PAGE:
NEW YORK — Wilsons The Leather Experts bit the bullet for the continuing difficulties of its El Portal and Bentley’s travel stores in the second quarter.
This story first appeared in the August 26, 2002 issue of WWD. Subscribe Today.
The combination of operating losses and the one-time effect of an accounting change left the apparel and accessories retailer with a net loss of $51.6 million, or $2.55 a share, in the quarter ended Aug. 3, versus a $22.8 million, or $1.32 a share, loss in the second quarter of last year. In addition to the accounting adjustment, which is a non-cash charge attributable solely to its travel stores, the more recent period included a 6-cent-a-share charge for the relocation of its Las Vegas office to the company headquarters in Minneapolis.
Excluding the $24.6 million aftertax impact of the accounting change, the net loss for the quarter was $27 million, or $1.33 a share. The charge included the determination that the goodwill of the Bentley’s Luggage and El Portal units was fully impaired, with book value exceeding fair market value,
Net sales in the quarter declined 5.1 percent to $89.4 million from $94.2 million in the year-ago period. Although comps at the Wilsons Leather stores were up 1.9 percent in the quarter, a 21.9 percent comp nosedive at the travel stores dropped overall same-store results 6.5 percent.
In a statement, Joel Waller, chief executive officer, lauded the improvements in comps and “solid merchandise margins in a tough environment for specialty retail” at Wilsons Leather stores. “While we continue to have challenges ahead of us in our travel stores, our 25-store remerchandising test program is recently under way,” he said. “We are focusing on identifying an appropriate product mix and pricing strategy that will improve our comparable-store sales trend and margin performance in our travel stores in time for the holiday season.”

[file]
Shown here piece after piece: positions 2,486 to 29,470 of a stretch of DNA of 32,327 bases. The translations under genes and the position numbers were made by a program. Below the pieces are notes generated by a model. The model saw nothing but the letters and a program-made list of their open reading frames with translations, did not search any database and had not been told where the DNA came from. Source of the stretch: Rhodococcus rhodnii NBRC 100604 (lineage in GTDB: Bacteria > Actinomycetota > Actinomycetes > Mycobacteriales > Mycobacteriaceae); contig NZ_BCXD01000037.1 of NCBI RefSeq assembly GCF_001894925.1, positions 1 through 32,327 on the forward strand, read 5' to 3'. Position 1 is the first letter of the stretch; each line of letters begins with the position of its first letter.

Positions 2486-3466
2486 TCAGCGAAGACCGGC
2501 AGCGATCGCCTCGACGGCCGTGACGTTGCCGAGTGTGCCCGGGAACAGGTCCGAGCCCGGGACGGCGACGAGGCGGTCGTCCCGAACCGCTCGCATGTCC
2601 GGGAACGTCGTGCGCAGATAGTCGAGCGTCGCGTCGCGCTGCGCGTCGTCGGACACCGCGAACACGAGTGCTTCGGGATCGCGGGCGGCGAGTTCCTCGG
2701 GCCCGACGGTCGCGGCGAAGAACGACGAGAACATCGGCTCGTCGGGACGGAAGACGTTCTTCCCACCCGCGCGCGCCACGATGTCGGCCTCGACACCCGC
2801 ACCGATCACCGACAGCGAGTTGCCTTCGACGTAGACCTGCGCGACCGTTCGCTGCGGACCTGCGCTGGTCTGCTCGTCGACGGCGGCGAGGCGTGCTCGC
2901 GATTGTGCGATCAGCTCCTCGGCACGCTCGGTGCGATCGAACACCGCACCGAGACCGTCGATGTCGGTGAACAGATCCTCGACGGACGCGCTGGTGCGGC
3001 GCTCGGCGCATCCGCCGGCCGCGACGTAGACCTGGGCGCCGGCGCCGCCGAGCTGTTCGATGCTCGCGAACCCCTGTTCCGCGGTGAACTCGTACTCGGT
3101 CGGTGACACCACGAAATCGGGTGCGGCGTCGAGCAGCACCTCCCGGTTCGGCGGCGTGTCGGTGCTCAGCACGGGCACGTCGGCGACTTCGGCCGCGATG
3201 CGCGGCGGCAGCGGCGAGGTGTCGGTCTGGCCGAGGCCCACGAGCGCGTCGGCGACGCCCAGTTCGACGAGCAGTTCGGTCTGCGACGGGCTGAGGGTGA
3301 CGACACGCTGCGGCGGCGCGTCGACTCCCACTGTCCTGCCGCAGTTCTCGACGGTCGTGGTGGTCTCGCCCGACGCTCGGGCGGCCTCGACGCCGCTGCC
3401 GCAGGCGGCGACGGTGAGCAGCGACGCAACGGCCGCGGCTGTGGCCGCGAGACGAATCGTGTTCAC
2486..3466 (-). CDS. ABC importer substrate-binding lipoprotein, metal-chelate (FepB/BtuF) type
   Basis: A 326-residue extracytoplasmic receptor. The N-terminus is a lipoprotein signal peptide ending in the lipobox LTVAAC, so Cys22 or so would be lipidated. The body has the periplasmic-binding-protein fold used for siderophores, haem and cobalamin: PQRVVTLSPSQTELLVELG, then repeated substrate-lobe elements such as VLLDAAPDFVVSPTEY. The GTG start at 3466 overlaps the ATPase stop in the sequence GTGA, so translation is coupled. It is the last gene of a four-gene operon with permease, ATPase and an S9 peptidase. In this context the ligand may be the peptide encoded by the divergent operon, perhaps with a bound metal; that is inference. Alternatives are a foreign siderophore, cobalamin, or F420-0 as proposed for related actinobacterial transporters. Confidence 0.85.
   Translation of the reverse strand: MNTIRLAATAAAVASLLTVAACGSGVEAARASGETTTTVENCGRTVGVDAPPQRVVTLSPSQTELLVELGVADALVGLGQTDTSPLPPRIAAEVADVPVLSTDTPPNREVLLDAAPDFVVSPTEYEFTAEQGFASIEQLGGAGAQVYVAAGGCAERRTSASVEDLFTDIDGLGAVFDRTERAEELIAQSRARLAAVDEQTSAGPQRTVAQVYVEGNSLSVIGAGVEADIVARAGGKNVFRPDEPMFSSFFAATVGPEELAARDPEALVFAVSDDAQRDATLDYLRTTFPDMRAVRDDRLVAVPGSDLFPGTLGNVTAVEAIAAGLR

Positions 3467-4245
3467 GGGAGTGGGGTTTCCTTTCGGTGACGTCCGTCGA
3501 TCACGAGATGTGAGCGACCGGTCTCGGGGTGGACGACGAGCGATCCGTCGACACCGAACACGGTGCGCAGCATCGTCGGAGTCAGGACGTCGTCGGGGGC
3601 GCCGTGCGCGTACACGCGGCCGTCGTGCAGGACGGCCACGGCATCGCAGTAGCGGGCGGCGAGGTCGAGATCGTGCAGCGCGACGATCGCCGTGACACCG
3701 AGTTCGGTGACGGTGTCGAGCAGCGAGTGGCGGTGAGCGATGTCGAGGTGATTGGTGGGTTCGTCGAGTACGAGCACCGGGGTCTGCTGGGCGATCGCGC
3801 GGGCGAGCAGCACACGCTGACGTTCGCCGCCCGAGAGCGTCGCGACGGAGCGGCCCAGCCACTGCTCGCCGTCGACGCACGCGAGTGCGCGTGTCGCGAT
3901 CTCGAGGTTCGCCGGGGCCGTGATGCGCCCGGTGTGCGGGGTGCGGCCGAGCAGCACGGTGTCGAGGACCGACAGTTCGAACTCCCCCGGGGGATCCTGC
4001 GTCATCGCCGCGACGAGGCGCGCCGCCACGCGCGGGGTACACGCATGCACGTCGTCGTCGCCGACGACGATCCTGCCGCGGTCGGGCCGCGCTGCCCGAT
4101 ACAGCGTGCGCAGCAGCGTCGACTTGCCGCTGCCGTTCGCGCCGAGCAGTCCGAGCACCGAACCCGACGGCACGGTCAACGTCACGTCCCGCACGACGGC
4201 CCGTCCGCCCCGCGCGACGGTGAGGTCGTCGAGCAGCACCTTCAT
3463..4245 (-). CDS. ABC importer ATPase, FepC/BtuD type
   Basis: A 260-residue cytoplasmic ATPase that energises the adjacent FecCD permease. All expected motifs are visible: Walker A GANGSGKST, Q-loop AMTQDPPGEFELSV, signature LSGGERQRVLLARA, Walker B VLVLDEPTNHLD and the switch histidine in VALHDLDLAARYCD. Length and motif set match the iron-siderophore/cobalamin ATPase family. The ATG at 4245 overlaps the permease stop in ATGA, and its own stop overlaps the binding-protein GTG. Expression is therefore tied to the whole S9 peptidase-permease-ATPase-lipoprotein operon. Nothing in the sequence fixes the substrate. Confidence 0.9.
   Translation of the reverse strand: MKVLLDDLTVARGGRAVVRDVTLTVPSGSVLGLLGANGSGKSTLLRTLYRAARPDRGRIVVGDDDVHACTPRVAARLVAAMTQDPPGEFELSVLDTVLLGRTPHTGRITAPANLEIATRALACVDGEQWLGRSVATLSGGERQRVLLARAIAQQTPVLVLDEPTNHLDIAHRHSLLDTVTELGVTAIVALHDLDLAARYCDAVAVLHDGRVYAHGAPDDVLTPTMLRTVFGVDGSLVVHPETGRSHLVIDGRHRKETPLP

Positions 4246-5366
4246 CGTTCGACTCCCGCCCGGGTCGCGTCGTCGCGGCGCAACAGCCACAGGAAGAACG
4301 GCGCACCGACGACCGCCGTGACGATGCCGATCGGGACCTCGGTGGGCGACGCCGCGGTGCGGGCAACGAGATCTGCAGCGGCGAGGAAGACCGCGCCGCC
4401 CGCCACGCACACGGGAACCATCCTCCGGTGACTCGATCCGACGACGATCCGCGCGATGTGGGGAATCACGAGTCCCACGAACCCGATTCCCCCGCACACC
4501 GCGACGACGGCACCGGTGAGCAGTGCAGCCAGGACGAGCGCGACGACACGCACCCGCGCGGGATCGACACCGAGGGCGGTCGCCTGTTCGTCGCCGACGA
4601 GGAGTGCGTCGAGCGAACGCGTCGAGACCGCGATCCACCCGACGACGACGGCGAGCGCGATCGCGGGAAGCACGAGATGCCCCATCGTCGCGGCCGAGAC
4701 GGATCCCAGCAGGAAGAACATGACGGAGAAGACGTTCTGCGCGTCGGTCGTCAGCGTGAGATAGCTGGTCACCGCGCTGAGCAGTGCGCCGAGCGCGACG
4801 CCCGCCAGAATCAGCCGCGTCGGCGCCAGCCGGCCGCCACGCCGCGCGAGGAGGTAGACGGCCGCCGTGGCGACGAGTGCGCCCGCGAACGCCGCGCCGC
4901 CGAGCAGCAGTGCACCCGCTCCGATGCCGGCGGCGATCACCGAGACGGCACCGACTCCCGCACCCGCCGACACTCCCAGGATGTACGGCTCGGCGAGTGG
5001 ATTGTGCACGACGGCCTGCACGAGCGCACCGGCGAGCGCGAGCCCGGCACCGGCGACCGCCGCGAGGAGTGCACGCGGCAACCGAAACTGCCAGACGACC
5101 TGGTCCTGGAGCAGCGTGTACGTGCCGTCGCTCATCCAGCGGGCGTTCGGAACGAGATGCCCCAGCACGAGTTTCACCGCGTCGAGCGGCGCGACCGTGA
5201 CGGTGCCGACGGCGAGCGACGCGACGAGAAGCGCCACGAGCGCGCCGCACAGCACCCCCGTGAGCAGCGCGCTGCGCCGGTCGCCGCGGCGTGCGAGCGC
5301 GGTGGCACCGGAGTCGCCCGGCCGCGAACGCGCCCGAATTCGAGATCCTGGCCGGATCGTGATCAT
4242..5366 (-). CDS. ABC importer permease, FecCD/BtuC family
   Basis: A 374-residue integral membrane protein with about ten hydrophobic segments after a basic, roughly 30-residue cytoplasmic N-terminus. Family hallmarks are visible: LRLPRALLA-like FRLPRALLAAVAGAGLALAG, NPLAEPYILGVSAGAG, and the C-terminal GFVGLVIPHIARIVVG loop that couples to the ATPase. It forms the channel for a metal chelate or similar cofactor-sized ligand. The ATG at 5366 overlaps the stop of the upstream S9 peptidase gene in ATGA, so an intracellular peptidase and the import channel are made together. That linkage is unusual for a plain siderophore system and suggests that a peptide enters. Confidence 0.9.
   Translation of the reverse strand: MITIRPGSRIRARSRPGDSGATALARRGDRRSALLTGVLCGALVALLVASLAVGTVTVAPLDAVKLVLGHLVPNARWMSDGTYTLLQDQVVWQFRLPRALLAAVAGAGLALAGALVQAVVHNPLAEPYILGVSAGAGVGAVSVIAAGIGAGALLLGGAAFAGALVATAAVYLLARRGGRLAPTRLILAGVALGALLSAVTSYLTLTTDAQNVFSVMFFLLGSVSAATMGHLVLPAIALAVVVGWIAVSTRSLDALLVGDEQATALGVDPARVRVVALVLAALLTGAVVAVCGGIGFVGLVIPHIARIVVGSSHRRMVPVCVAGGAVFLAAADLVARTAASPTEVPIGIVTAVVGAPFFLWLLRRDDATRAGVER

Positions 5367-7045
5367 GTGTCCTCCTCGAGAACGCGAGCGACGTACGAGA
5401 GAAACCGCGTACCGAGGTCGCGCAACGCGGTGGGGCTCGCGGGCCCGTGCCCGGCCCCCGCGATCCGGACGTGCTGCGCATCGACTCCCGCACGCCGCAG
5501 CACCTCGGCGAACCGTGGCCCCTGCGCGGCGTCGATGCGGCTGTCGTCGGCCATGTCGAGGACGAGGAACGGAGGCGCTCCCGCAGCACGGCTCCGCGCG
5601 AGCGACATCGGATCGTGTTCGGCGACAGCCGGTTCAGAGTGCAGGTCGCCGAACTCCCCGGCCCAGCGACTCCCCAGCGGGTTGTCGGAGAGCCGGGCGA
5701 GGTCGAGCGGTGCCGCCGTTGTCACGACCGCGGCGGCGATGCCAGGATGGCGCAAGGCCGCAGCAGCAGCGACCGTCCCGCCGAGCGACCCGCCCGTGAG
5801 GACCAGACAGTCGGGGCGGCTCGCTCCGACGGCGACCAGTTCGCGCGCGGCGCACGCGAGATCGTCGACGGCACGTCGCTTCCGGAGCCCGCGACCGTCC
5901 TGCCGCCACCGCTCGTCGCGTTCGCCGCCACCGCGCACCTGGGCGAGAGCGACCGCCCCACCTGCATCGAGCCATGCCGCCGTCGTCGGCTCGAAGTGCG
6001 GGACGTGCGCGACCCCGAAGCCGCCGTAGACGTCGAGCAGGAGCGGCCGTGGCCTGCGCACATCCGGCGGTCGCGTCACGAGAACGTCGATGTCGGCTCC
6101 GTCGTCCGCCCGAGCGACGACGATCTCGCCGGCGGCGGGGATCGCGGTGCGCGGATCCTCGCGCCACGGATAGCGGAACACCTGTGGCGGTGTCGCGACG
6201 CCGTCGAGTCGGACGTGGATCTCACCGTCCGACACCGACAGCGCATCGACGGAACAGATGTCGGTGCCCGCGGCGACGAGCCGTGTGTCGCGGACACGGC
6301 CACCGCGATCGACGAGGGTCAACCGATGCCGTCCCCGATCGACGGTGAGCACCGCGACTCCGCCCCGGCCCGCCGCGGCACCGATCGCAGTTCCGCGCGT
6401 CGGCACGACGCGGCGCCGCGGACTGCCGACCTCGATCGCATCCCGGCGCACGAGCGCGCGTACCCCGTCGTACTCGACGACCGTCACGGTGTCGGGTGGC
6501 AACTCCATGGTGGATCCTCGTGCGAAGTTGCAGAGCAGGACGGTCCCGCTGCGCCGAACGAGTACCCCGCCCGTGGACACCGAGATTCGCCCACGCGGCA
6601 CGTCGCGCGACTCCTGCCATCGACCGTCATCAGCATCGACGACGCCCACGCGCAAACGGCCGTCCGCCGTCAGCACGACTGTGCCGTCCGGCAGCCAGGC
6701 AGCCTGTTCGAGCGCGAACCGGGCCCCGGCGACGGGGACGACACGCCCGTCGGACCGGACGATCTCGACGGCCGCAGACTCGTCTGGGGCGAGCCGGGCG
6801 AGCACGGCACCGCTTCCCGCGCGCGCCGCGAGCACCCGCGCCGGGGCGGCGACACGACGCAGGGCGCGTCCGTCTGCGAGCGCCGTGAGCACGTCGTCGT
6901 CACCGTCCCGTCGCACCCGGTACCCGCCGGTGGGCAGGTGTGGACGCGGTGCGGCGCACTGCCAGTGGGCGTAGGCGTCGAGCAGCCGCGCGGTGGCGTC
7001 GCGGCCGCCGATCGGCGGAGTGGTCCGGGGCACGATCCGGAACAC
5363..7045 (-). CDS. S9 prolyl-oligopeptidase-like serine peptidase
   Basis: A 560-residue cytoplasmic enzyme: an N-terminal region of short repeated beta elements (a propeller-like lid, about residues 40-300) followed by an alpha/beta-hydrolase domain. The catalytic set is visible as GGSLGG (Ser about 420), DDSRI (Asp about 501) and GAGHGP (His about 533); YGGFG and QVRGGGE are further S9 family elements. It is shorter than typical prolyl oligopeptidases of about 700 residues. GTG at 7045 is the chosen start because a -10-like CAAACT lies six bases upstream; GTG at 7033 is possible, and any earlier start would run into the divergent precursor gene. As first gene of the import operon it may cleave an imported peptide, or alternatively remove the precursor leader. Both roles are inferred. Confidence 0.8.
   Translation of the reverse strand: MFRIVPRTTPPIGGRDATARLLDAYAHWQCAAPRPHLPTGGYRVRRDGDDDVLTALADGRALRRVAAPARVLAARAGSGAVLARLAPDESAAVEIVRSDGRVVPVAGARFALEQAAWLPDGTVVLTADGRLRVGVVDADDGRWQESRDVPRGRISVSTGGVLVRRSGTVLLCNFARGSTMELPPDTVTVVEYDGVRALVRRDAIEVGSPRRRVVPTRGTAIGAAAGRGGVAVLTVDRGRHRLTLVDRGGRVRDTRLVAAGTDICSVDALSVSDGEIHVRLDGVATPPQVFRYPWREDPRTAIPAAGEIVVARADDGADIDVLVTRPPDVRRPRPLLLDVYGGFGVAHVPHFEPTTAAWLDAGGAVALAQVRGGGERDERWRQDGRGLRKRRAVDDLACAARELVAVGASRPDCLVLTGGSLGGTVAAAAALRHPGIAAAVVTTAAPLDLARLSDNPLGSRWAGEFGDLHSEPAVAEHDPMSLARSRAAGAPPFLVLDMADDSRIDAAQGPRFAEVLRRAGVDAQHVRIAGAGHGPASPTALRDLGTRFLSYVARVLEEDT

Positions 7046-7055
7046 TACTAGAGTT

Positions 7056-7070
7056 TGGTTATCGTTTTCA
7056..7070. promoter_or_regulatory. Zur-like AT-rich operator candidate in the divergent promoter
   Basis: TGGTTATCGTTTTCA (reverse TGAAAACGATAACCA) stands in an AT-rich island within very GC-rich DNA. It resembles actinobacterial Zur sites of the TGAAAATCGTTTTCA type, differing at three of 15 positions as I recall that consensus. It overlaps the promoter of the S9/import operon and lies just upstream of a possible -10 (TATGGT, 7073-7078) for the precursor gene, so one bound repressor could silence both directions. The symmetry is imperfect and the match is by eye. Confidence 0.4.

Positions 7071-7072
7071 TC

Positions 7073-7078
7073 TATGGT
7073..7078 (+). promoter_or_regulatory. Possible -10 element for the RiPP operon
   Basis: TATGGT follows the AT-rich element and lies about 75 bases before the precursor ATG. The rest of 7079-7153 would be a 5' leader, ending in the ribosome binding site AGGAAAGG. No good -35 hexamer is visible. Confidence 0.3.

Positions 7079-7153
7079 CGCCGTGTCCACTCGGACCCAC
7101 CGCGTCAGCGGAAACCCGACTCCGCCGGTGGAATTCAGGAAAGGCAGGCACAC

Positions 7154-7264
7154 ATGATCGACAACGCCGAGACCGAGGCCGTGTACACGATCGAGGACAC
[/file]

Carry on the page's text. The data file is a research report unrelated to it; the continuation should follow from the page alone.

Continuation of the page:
Jeffrey Stein, analyst at McDonald Investments, acknowledged that he was “rooting for Wilsons” to see its travel unit’s problems through. He considered the acquisitions in the travel area crucial to the company’s efforts to “de-seasonalize” the business, making it less dependent on the third and fourth quarters for sales and profits, and open up new real estate opportunities since “they’re pretty well tapped with the Wilsons format.” At quarter’s end, Wilsons operated 756 leather stores, including 489 in mall locations, and 139 travel stores.
“If they can’t fix the problems in the travel business, they will have to go back to being the one-dimensional business they once were,” Stein told WWD. “Travel was a well-conceived strategy, but it hasn’t come back from Sept. 11. They’re the biggest player in travel now and, while it’s going to take years, I think they can make it right. They’ll need patience and the strength to withstand investor pressures for a short-term solution, like getting out of travel, but it’s a good management team and they’ve reacted quickly.”
He characterized the core business at Wilsons as “performing better, with a hint of revitalization. Comps were good in the quarter and the read on fall products is good.”
For the nine months, the net loss, including the effect of the accounting change, more than doubled to $66.3 million, or $2.55 a share, versus a net loss of $22.8 million, or $1.32 a share, last year. Sales dropped 1.4 percent to $208.6 million from $211.6 million. Comps declined 8.6 percent overall and were down 4.5 percent at the leather stores.